## Abstract

A generalized thermomechanical model for adhesion was developed to elucidate the mechanisms of dissipation within the viscoelastic bulk of a hyperelastic hydrogel. Results show that in addition to the expected energy release rate of interface formation, as well as the viscous flow dissipation, the bulk composition exhibits dissipation due to phase inhomogeneity morphological changes. The mixing thermodynamics of the matrix and solvent determines the dynamics of the phase inhomogeneities, which can enhance or disrupt adhesion. The model also accounts for the time-dependent behaviour. A parameter is proposed to discern the dominant dissipation mechanism in hydrogel contact detachment.

## 1. Introduction

The contact between soft surfaces of a viscoelastic nature has been central in the recent study of biological systems in the areas of protective coatings for mechanical components under extreme environmental conditions, such as lubrication and biofouling. Soft materials exhibit adhesion-dominated contact and frictional characteristics at multiple scales. Continuum models have sought to connect the molecular effects described by the cohesive zone laws and the measured work of separation of contacting surfaces [1]. In particular, hydrogels are in use today due to their suitability in applications where biological tissues must be replaced with artificially produced materials. Improvements in the interrogation methods, as well as fabrication techniques, are allowing for the study of the properties of potential biomimetic materials suitable for tissue growth and replacement [2]. Applications that may benefit from a better understanding of the adhesion mechanisms in soft materials include the protection of surfaces against the corrosive maritime environment, self-cleaning and anti-biofouling, energy efficiency by the use of low frictional coatings, as well as medical applications, which seek to avoid pathogen surface colonization and tribological failure of diarthrodial joints [3–6]. The herein reported work seeks to construct a generalized model for the dissipation mechanisms involved in the adhesion observed in viscoelastic inhomogeneous hydrogel contacts.

## 2. Theoretical framework for generalized contacts

The modern treatment of contact mechanics is said to have started when Hertz formulated the first solution for the stress field within a half-space that was being impinged upon by a spherical body [7]. His solution was only applicable to the frictionless contact which exhibited no adhesion. At the time, efforts had been mostly concentrated in finding solutions to specific boundary-value problems using mathematical approximations [8]. Before this time, only rough estimates for the frictional behaviour of interfacing surfaces existed and it was not until works by Bowden & Tabor [9] that the effects of asperities and other molecular-scale variables of the shear strength of a contact started to be considered [9]. Independently, Archard studied the effects of loads on the real area of contacts produced by plastically deforming asperities, which developed wear upon experiencing shear stresses [10].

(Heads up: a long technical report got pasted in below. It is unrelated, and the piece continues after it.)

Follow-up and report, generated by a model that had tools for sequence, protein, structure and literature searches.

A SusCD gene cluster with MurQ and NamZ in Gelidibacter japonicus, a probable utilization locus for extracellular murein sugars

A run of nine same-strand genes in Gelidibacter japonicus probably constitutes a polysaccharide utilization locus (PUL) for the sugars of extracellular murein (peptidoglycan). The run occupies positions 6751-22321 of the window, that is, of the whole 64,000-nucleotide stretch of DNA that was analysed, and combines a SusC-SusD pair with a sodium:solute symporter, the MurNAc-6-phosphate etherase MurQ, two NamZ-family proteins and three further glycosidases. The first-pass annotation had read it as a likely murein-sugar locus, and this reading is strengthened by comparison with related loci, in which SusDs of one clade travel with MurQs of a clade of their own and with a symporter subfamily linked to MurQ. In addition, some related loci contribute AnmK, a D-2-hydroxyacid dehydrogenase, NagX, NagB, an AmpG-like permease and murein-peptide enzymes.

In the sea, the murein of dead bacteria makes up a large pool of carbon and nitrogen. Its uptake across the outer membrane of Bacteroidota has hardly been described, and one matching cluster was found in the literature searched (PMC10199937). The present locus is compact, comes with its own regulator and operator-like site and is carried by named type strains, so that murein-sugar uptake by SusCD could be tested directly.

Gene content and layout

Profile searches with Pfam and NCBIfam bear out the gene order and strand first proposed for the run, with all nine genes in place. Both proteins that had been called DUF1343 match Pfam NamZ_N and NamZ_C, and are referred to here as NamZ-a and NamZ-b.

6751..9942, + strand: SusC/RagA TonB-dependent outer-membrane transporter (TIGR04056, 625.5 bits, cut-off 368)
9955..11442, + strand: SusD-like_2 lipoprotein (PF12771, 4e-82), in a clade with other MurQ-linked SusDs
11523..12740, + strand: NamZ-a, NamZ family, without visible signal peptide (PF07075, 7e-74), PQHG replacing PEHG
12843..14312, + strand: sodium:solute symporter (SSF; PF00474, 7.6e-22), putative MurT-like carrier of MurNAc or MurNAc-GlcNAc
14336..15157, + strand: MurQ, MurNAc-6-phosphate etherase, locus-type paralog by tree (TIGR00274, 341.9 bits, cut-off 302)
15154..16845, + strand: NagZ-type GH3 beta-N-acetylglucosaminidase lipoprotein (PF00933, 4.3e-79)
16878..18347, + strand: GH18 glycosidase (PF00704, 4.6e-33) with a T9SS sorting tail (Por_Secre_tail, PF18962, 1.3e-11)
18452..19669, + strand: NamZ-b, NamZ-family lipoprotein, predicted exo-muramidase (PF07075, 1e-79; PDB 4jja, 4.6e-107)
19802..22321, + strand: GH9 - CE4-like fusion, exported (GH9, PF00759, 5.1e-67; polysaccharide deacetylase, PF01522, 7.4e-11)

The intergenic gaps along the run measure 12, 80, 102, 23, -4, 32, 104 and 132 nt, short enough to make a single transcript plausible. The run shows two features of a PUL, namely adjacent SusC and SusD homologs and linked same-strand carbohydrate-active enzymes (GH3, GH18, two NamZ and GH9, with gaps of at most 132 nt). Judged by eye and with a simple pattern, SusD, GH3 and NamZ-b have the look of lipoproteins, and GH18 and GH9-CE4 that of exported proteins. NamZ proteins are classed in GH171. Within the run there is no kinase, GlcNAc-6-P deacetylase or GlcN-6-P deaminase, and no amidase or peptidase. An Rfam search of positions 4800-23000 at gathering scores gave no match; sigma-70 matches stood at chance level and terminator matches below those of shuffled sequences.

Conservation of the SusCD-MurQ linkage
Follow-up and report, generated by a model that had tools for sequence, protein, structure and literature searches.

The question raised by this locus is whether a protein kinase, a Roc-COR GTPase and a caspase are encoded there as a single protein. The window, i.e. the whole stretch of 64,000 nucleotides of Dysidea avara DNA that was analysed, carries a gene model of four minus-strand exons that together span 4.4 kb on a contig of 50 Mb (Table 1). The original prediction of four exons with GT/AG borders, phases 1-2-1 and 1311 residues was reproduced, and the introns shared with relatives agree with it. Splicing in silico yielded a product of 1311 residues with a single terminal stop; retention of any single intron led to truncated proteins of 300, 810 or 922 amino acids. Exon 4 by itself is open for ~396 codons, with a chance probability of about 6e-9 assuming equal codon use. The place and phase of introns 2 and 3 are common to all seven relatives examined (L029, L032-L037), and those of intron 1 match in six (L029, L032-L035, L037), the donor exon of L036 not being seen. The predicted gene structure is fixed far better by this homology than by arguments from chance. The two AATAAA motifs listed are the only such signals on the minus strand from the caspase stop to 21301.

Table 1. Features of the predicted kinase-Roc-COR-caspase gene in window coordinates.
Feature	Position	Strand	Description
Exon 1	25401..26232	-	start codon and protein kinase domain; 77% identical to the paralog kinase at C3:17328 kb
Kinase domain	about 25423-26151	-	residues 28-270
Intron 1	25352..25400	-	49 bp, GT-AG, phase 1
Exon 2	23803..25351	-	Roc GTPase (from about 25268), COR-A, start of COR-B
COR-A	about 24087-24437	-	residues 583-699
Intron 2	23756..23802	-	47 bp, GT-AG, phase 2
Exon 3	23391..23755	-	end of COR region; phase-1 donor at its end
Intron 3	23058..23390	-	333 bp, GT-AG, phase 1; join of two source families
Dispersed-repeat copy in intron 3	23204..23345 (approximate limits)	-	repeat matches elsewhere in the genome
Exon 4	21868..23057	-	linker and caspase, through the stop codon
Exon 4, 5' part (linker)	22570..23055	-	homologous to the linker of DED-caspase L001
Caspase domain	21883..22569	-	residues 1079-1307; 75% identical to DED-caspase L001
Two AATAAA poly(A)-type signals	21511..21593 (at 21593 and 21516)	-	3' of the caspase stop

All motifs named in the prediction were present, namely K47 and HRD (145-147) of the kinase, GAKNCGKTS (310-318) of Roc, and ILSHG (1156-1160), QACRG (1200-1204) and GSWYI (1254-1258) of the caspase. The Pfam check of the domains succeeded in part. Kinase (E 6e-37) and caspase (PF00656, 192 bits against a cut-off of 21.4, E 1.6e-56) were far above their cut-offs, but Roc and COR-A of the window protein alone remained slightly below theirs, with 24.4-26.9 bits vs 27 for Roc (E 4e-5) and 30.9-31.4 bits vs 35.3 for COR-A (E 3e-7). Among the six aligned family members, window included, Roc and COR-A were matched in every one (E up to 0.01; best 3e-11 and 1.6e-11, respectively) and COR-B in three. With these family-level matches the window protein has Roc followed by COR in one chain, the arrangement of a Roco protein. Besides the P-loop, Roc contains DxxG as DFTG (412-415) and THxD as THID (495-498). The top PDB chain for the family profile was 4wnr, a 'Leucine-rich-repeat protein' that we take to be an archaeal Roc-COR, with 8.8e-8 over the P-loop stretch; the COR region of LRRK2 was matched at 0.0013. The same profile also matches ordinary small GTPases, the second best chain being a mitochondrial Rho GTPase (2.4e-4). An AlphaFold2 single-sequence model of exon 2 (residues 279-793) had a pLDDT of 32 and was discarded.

It was not until Johnson, Kendal and Roberts' model, known today as the JKR model, that a solution of the adhesive forces and contact area exhibited between contacting surfaces was produced [11]. In their work, a variational approach was used to calculate the area between the solids, which achieved a minimum state of energy with contributions from the surface energy. The JKR model remains the prevalent model used for soft elastic contacts. Derjaguin *et al.* [12] developed a similar model by a different approach, namely by emphasizing the difference between the Hertzian model and the area ring-bounding contact, deemed the effective area of action for the adhesive forces. Work in the area of viscoelastic contacts started earlier. Andrews & Kinloch [13,14] investigated the effects of viscous dissipation on the interfacial crack front as a result from studies by Gent & Petrich [15], and later Gent & Schultz [16]. In their work, Gent *et al.* documented the changes in peel force as a function of rate of extension and later energy release rate as a function of crack front speed along with a mixed adhesive and cohesive failure mode. The importance of the work by Gent & Petrich [15] correlating the energy release rate and the viscoelastic behaviour of the polymers cannot be exaggerated. An outstanding summary of this work, along with updated advances, was published by Maugis & Barquins [17]. Greenwood & Johnson [18] published a constitutive treatment of viscoelastic contacts, which also included the effects of the surface interactions. Today, the maximum adhesion energy predicted by such models remains of interest for most engineering applications. In the current work, the adhesive contact between swollen viscoelastic hydrogels was investigated. A model within thermodynamic and mechanical constraints was developed, which remains consistent with the previous models discussed while accounting for the bulk contributions to the adhesive energy absent from the said models.